We then go back to Lucy, who has decided to leave the vault and find her dad. Of course, the council of her vault doesn’t want her to go. So she is aided by her brother Norm and cousin Chet in a wild escape.

What worked

The first thing that deserves attention is the exceptional character work. Our three main characters are fleshed out and relatable right away. We feel sympathetic for The Ghoul before he’s even introduced as such. We love Lucy’s nativity and selflessness. And we love Maximus for his honesty and passion for his cause.

While these characters are their own people, they also exhibit the three responses we might expect to see in a post-apocalyptic world. We have the hopeful optimist who doesn’t understand how bad things are. We have the aspiring hero who wants to make the world better by force. And we have the self-serving individual who’s given up on the rest of humanity and is only focused on surviving.

Another thing I enjoyed about this episode was the balance of humor and gore. Because there was certainly enough blood and guts for even the most hardcore horror lover. We had a violent sabotage, a brawl with raiders, and even several nuclear bombs.

But there were a lot of funny moments as well. Usually from Lucy. Her overall goodwill and fearless gumption are absolutely hilarious, especially given the horrors she’s facing. It never ceases to amuse me.

Ella Purnell in Fallout

Both of these aspects are done perfectly. The jokes land and the bloody scenes pull no punches. It was delightful.

All in all, this was an exciting start to a much-anticipated series. Here’s hoping they’re able to stick the landing.

For more tv shows based on video games, check out my review of Witcher. 4 out of 5 stars (4 / 5)

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Movies n TV

American Horror Story Delicate, Ave Hestia



Episode seven of American Horror Story Delicate was a classic AHS flashback episode. If you were excited to see what Preecher had to say to Anna at the end of the last episode, I’m sorry to say that you will not get that satisfaction. However, we did learn all sorts of other fascinating things about the strange coven hunting Anna. And, we learned all sorts of things we didn’t know about Dex’s first wife, Adeline.

The story

We begin our story with a woman giving birth alone in a barn. When it becomes clear that she’s not going to be able to deliver vaginally, she pulls out a knife and cuts her stomach open to pull out her children.

For whatever reason, this is when the coven of witches decides to make themselves known.

Ashlie Atkinson in American Horror Story.

We then cut to 2013, when Dex was still married to Adeline. In true Dex fashion, he’s surprised her with a puppy.

While that sounds great in theory, dogs are something a couple should talk about, not gift each other with as a surprise. An adult would know that. A trust fund boy like Dex does not.

Adeline owns a vegan restaurant called Ave Hestia. Love that name. She seems to be living a great life. She has a career she’s passionate about, friends who love her, and a husband she seems kind of fond of.

Maybe that’s why she didn’t want a puppy. She already had one.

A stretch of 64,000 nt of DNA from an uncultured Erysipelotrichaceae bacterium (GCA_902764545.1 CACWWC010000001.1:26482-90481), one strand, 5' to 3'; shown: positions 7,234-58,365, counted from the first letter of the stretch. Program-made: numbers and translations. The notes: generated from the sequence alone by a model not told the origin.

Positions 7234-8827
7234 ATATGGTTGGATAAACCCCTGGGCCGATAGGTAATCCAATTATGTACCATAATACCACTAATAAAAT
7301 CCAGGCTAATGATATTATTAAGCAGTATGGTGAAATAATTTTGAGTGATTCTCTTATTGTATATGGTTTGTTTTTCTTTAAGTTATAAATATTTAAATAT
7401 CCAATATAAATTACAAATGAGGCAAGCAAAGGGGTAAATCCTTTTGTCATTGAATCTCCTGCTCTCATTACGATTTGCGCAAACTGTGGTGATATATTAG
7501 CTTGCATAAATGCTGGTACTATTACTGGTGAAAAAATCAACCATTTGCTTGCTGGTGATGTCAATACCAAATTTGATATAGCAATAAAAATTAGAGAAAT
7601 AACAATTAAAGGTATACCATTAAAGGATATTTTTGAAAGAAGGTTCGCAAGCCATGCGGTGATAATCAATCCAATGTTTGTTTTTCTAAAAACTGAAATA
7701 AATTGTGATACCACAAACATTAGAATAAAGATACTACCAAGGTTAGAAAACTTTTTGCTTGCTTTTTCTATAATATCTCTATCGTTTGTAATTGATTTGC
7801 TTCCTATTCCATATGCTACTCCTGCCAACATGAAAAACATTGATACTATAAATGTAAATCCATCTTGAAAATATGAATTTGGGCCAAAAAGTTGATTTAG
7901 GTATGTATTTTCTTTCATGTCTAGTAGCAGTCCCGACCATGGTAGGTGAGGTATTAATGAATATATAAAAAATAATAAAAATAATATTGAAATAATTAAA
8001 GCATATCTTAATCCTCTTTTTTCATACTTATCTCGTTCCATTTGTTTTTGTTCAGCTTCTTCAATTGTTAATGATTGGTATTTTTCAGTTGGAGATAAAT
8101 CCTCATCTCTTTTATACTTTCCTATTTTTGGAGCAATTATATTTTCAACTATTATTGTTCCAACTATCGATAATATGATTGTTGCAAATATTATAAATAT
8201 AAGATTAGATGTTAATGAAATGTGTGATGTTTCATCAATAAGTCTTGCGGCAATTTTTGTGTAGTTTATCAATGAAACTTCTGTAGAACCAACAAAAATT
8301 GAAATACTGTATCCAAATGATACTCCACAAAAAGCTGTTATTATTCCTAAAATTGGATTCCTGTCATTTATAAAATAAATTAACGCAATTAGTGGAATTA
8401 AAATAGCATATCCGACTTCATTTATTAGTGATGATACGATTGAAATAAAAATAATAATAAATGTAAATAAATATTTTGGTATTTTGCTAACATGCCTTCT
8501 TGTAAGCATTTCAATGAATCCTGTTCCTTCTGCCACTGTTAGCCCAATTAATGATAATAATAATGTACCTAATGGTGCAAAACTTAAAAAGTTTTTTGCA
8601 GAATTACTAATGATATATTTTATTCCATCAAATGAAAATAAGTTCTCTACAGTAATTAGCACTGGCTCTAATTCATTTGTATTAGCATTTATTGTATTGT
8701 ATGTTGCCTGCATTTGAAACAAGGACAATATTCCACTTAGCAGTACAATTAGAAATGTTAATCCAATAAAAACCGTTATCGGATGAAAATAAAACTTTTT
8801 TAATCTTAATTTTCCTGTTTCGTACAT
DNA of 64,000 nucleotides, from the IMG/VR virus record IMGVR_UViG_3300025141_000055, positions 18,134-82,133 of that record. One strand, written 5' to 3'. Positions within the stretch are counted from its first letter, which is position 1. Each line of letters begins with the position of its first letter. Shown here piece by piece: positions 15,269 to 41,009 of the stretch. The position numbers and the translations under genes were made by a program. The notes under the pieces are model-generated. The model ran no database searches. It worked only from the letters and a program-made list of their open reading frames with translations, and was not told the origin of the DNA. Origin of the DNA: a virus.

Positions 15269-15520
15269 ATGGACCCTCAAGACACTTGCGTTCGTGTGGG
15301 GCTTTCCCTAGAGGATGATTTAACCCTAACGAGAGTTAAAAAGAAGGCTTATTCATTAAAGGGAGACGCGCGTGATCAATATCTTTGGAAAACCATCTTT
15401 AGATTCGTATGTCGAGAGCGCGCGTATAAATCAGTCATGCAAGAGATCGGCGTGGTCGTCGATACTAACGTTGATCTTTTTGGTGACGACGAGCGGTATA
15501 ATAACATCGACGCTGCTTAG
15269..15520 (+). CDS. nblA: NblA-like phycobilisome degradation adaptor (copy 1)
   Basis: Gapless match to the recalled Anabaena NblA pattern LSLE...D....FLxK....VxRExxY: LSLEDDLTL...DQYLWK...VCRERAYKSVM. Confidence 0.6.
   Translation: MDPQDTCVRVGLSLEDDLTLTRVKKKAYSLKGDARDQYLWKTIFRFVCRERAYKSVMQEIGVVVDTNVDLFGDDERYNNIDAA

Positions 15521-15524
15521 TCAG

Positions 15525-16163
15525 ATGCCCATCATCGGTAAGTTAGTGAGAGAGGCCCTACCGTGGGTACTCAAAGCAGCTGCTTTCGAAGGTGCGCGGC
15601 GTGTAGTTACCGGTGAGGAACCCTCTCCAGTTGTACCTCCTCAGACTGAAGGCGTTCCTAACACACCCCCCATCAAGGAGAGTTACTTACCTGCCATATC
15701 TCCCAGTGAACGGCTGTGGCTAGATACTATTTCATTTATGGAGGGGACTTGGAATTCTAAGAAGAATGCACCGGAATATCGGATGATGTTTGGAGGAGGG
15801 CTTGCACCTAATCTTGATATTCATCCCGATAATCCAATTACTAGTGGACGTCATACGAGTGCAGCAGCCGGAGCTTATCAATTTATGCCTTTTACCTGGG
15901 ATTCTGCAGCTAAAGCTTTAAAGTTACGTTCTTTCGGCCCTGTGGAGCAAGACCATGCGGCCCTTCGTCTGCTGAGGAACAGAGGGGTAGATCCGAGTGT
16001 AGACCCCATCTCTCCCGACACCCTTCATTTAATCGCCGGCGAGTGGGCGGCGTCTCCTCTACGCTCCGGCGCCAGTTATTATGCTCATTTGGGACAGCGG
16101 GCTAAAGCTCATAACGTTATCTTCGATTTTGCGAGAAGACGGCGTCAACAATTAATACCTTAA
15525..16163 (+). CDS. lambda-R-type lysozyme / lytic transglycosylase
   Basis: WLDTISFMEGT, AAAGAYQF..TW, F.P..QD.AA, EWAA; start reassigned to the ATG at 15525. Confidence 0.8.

Of course, things aren’t as good as they appear. We soon find out that Adeline was one of those babies we saw at the start of the episode. The other baby was Sonia, the painter.

Annabelle Dexter-Jones in American Horror Story.

And yes, both of these characters are played by Annabelle Dexter-Jones.

Adeline has stepped away from their family, and whatever dark things they do. But the family isn’t happy with her decision. And if she isn’t going to come back willingly, they’re going to make her.


What worked

To start with, I loved the character, Adeline. She is fierce, she is fearless, and relentless. I feel like this would have been a far different story if Adeline had been our main character. It was astounding to see her interact with the same people Anna has, and get a completely different response. It’s clear now, how much everyone around Anna resents her for simply not being Adeline.

I also appreciated that there was just a shocking amount of blood in this episode. From the start when Adeline and Sonia are born, to the climactic end of Adeline, this episode is just drenched in blood.

Finally, I’m fascinated by the changes in this season from the book it’s based on. Because absolutely none of this was in the book. Compared to this, the book is heartwarming.

The book is kind of heartwarming even without the comparison.


But I love the fact that, even with just two episodes left in the season, I have no idea what’s going to happen. I do not know what Anna is carrying. I do not know if she’s going to survive this. I do not know what these people want with her.

But I can’t wait to find out.

What didn’t work

All that being said, it is a bit frustrating to have no forward momentum in this episode. This was all backstory, and it felt like there wasn’t enough backstory to fill a full forty minutes. Because of that, it dragged. There were a lot of scenes that just didn’t need to be as long as they were. It felt like they could have cut that down considerably, and had some time to check in with our main characters at either the start or the end of the episode.

There are only two episodes left in the season, and I can honestly say I have no idea what’s going to happen. But so far the story has been dark, bloody, and provocative. So I hope they can manage to end it on a high note.


4 out of 5 stars (4 / 5)

If you’re a fan of my work, please check out my latest story, Nova, on Paper Beats World. New chapters launch every Monday, Wednesday, and Friday.